Marsha Blackburn on Free Trade
Republican Representative (TN-7)
Marsha Blackburn (R): Still considering but "increasingly concerned these tariffs are a bad deal for Tennesseans."
Phil Bredesen (D): No. "The same as a new tax on Tennesseans."
Proponents support voting YES because:
Rep. RANGEL: It's absolutely ridiculous to believe that we can create jobs without trade. I had the opportunity to travel to Peru recently. I saw firsthand how important this agreement is to Peru and how this agreement will strengthen an important ally of ours in that region. Peru is resisting the efforts of Venezuela's authoritarian President Hugo Chavez to wage a war of words and ideas in Latin America against the US. Congress should acknowledge the support of the people of Peru and pass this legislation by a strong margin.
Opponents recommend voting NO because:
Rep. WU: I regret that I cannot vote for this bill tonight because it does not put human rights on an equal footing with environmental and labor protections.
Rep. KILDEE: All trade agreements suffer from the same fundamental flaw: They are not self-enforcing. Trade agreements depend upon vigorous enforcement, which requires official complaints be made when violations occur. I have no faith in President Bush to show any enthusiasm to enforce this agreement. Congress should not hand this administration yet another trade agreement because past agreements have been more efficient at exporting jobs than goods and services. I appeal to all Members of Congress to vote NO on this. But I appeal especially to my fellow Democrats not to turn their backs on those American workers who suffer from the export of their jobs. They want a paycheck, not an unemployment check.
Proponents support voting YES because:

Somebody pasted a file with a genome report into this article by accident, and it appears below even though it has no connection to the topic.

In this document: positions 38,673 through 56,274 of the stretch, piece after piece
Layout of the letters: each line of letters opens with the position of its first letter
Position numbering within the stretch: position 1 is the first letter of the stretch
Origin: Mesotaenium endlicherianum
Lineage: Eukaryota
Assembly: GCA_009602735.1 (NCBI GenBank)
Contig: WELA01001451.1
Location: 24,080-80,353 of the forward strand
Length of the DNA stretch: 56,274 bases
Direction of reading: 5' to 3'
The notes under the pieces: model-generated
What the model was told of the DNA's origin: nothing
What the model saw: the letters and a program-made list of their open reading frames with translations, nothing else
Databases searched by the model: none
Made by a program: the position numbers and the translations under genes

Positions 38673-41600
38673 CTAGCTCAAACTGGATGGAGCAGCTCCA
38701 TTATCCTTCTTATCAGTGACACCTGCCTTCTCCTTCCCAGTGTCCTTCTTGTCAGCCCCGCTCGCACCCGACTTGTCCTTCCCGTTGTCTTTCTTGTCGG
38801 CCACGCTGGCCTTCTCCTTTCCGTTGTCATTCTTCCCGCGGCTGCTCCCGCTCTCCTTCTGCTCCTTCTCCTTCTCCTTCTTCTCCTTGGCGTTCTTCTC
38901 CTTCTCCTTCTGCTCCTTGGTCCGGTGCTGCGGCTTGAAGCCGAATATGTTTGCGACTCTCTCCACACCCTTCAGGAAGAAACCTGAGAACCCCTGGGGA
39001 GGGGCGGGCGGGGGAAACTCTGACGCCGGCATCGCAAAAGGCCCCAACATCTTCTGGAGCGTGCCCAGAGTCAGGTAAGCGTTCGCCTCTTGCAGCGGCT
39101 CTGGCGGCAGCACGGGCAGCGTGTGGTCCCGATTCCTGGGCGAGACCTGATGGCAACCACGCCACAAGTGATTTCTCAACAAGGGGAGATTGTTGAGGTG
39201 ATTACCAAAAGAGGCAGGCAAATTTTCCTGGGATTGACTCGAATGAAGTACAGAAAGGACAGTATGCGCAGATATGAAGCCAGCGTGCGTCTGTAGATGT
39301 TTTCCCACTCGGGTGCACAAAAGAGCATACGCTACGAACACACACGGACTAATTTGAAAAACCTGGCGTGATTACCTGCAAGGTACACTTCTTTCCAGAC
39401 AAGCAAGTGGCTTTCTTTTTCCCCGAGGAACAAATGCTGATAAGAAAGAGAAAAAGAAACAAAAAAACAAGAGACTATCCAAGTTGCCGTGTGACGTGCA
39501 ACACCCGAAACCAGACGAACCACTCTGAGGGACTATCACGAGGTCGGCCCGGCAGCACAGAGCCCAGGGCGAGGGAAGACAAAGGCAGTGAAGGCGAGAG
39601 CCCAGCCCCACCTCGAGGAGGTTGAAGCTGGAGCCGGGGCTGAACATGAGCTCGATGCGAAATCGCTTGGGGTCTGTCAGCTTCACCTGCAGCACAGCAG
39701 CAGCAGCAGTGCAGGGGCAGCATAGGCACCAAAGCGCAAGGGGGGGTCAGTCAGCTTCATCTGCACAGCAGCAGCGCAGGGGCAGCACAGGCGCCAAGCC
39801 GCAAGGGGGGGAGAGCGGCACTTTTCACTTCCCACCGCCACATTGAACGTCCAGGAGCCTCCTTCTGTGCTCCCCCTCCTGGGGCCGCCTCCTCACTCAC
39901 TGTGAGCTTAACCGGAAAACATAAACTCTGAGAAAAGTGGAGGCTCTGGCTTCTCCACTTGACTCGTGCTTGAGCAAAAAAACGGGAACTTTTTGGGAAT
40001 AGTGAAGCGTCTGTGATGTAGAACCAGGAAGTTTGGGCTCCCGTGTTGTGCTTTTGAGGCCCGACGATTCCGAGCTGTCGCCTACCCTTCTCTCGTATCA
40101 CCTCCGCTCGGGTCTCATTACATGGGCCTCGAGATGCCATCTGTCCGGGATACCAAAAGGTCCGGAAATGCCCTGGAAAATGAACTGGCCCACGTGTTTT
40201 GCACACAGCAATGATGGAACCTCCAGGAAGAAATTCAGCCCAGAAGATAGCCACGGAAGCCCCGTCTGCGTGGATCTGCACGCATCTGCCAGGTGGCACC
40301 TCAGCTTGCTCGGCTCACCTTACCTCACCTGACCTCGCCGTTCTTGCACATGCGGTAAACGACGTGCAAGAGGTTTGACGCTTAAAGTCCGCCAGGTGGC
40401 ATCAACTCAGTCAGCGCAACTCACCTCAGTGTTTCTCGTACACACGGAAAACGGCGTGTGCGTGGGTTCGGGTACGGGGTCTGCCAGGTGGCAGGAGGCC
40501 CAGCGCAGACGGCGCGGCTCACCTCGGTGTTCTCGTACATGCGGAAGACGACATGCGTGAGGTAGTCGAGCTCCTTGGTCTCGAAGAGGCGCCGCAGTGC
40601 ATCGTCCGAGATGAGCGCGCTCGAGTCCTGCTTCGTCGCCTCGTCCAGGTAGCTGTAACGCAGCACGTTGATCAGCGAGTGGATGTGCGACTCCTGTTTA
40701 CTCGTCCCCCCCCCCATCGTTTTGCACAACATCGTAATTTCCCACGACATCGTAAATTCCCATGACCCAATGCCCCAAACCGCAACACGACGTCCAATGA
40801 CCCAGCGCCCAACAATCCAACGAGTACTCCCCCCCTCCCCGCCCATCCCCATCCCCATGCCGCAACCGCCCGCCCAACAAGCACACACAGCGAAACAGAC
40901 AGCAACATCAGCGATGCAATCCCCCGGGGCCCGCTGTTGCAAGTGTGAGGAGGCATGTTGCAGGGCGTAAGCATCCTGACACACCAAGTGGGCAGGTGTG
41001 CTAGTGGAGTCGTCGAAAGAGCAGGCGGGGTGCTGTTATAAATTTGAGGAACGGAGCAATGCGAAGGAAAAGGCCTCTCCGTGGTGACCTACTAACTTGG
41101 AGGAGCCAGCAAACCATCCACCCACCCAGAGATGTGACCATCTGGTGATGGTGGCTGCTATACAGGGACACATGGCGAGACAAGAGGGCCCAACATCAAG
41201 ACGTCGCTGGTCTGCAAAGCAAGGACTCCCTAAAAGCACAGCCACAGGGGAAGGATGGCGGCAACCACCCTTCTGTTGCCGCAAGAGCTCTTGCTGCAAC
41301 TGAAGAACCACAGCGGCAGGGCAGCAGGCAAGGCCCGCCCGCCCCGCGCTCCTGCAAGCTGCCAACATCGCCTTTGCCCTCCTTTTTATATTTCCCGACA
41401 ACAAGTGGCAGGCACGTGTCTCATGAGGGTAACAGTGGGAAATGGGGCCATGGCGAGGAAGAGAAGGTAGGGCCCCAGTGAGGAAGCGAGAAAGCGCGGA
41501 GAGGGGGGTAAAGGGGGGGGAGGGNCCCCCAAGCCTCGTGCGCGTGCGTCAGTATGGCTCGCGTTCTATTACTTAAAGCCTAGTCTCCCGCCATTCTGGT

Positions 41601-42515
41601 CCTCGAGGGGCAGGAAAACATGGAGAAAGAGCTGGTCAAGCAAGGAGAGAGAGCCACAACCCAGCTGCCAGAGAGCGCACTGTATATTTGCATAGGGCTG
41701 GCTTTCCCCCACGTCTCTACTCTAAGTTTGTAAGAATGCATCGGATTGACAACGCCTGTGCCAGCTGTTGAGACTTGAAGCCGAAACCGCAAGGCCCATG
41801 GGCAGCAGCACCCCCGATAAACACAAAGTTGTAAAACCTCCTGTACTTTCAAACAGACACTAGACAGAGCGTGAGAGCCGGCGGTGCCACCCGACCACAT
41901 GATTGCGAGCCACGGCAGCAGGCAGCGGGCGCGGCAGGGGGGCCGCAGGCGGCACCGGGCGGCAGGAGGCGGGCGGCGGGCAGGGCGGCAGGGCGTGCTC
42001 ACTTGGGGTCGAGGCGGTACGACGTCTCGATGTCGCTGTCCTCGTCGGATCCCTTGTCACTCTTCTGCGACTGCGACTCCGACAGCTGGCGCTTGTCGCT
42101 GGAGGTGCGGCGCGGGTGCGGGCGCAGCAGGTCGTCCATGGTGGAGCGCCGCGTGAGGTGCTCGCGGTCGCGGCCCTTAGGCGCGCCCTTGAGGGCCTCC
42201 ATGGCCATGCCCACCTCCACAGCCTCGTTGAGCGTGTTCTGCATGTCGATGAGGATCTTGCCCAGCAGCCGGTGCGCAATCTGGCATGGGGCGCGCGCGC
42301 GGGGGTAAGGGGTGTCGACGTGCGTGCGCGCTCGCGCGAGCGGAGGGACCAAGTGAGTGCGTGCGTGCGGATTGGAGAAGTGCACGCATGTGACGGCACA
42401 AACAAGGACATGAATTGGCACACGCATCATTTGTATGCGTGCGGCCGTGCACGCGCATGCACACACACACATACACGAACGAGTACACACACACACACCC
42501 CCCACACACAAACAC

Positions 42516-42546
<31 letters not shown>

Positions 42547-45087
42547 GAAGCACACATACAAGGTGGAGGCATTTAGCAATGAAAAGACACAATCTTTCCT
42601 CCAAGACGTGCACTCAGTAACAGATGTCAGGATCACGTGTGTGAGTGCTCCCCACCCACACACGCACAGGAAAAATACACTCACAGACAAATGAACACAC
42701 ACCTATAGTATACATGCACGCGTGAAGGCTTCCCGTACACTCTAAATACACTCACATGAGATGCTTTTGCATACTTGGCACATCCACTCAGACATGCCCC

Rep. RANGEL: In recent years, trade policy has been a dividing force. This legislation develops a new trade policy that more adequately addresses the growing perception that trade is not working for American workers. The Trade and Globalization Assistance Act would expand training and benefits for workers while also helping to encourage investment in communities that have lost jobs to increased trade--particularly in our manufacturing sector. The bill is a comprehensive policy expanding opportunities for American workers, industries, and communities to prepare for and overcome the challenges created by expanded trade.
Opponents recommend voting NO because:
Rep. McCRERY: We should be considering trade adjustment assistance in the context of trade opportunities generally for US workers. That is to say, I think we should be considering modifications to our assistance network in the context of the pending free trade agreements that are before the Congress. Unfortunately, we are not doing that. We are considering TAA in isolation. [We should instead] restructure TAA from a predominantly income support program into a job retraining program. Other problems include that H.R. 3920 would:
Congressional Summary:Sugar Reform Act:
Proponent's argument for bill:(Senators' opinions reported on politico.com) "We subsidize a handful of wealthy sugar growers at the expense of everybody in America," said Sen. Patrick Toomey (R-Pa.), whose home state boasts the chocolate giant, Hershey's. Sen. Heidi Heitkamp (D-N.D.), warned her colleagues against unraveling the commodity coalition behind the farm bill: "We forget that this is much bigger than a sugar program. It's much bigger than any one single commodity. When you single out one commodity, you threaten the effectiveness of the overall farm bill."